noun, plural Jew·ries.
Origin of Jewry
Examples from the Web for jewry
There are clear religious and ideological differences both within U.S. Jewry and within Israel; how can these gaps be bridged?Pew Survey Raises More Questions About American Jewry|Brent E. Sasley|October 3, 2013|DAILY BEAST
Would liberals (not to mention what's left of Jewry) in Italy argue that the petitioners furthered "pluralism"?
The rest left for France or “abroad,” he says, a Tunisian Jewry code word to avoid association with Israel.
“We are not like other countries,” he said, something Australian Jewry has been acutely grappling with for a week now.Prisoner X Raises Tough Questions For Australian Jewry|Nomi Blum|February 18, 2013|DAILY BEAST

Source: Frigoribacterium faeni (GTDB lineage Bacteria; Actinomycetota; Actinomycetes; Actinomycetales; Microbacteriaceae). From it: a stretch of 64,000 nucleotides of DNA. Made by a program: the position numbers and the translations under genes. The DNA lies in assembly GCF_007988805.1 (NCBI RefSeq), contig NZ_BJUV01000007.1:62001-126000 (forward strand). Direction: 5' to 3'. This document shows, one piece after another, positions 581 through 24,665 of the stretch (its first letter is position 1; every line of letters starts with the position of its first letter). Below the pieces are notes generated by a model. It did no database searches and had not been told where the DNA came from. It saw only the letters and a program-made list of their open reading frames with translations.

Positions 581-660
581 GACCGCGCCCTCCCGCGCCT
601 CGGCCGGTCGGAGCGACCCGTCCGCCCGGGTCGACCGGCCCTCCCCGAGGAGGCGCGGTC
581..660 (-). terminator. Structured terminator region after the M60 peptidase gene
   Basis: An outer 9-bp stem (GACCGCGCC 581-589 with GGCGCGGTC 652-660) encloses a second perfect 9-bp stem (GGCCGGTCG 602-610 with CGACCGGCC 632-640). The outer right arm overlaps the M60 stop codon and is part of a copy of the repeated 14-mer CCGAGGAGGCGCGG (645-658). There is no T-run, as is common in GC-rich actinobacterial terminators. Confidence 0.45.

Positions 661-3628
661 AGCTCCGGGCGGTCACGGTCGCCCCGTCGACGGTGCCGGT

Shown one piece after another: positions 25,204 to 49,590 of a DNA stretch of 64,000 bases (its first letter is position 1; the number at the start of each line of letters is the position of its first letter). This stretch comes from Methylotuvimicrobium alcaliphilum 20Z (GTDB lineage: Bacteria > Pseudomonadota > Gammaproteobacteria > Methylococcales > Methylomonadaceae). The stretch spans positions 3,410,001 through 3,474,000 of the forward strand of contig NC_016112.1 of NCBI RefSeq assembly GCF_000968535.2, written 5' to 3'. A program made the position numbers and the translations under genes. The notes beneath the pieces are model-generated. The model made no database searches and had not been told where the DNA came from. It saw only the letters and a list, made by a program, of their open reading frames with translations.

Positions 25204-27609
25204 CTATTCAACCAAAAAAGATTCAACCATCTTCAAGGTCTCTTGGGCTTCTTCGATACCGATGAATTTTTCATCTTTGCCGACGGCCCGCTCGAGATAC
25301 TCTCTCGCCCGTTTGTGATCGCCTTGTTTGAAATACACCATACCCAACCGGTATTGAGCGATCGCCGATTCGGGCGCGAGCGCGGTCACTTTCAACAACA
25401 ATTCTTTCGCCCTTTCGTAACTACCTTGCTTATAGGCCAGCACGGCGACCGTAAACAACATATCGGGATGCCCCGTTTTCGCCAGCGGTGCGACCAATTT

And of course he is saying to right-wing American Jewry: Write those checks.
Little wonder if the Priory and Jewry were soon at deadly feud.Oxford and its Story|Cecil Headlam
On the other hand, most of the towns of France and of Europe had their Jewry.
Montfort himself did not disdain to share in the spoils of the Jewry, though he soon turned to nobler work.The History of England|T.F. Tout
For their sake some of the material benefits of modern knowledge should be brought to Jewry in Marrakesh.Morocco|S.L. Bensusan
The result of all these persecutions was the complete economic collapse of Russian Jewry.
British Dictionary definitions for jewry
noun plural -ries
- Jews collectively
- the Jewish religion or culture
Word Origin and History for jewry
c.1200, Jeuerie "ghetto, the Jewish district in a town," from Anglo-French Juerie, Old French Juierie (13c.; Modern French Juiverie); see Jew + -ery. Early 14c. as "Jews collectively;" mid-14c. as "the land of the Jews, Judea."